This time, however, the deal also generated widespread opposition across the German political spectrum itself, with reports that six German ministries in Scholz’s own government strongly opposed the deal. This included not only the German Economy and Foreign ministries (led by the more hawkish Greens, Robert Habeck and Analena Baerbock), and the Finance and Transport ministries — led by Scholz’s FDP coalition partners — but also the heads of the German Defense and Interior ministries from Scholz’ own SPD. Bruno Kahl, the head of Germany’s BND foreign intelligence agency meanwhile testified at a Bundestag hearing in October that he and his agency “are very, very critical about the participation of China in critical infrastructure.”
Faced with a wall of criticism, on 26 October Scholz’s Chancellery offered a compromise whereby it would take a 24.9% stake, rather than the 35% originally planned in Container Terminal Tollerort, in the Port of Hamburg. This was described as a means of limiting Cosco’s involvement “in management or strategic decisions”, but was again sharply criticized. Katharina Dröge, co-leader of the Green Party’s parliamentary bloc, said the imagined compromise still damaged Germany’s sovereignty in critical infrastructure, and added: “Those who imagine this investment as a purely economic project have learned nothing of the Russia policy of recent decades.” Just as with Nord Stream before it, the Cosco agreement is not just a commercial deal.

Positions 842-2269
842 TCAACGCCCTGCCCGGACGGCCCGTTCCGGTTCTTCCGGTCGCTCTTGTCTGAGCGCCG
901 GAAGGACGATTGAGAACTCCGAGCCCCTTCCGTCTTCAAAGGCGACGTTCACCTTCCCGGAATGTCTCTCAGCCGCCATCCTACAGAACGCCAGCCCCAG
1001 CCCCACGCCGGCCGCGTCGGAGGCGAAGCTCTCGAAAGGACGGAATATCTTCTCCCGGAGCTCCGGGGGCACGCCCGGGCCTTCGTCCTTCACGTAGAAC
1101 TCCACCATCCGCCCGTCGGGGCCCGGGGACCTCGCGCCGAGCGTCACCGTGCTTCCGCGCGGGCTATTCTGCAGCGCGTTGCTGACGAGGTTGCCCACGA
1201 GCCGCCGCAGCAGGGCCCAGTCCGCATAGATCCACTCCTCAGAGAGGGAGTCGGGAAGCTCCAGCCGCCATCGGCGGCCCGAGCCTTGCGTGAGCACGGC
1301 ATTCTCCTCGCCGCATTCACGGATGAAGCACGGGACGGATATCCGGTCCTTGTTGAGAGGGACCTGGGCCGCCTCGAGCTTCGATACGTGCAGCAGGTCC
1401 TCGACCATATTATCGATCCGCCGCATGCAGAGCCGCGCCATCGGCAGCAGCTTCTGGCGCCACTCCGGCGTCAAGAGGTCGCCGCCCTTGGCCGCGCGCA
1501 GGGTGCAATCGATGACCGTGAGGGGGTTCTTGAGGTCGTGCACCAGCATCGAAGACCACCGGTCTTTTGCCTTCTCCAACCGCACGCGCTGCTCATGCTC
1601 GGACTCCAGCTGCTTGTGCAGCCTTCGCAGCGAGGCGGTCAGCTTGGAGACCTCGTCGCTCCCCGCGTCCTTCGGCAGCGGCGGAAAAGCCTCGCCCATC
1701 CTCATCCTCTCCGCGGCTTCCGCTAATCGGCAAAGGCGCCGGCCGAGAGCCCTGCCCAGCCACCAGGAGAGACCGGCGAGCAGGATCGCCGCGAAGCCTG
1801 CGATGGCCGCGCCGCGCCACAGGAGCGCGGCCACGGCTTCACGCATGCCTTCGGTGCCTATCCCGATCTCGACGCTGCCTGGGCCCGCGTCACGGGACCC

Even as the dust was settling, the economic daily Handelsblatt reported progress toward another controversial Chinese investment proposal. On 27 October, reports emerged that the German government was poised to approve the takeover of Dortmund-based chipmaker Elmos Semiconductor SE by a wholly owned Swedish subsidiary of China’s SAI Microelectronics. Reports suggested the government was sanguine about the deal, arguing the Elmos semiconductor technology was the same as that already available in China. This contradicted the assessment of the BfV federal domestic intelligence agency, which warned that Chinese ownership in German chip production capacitywas the concern. The point was conveyed in a sharp tweet from German CDU politician Jens Spahn, who stated: “We support semiconductor production in Germany with billions of euros with the aim of becoming more independent of China . . . and then sell semiconductor production to…China.”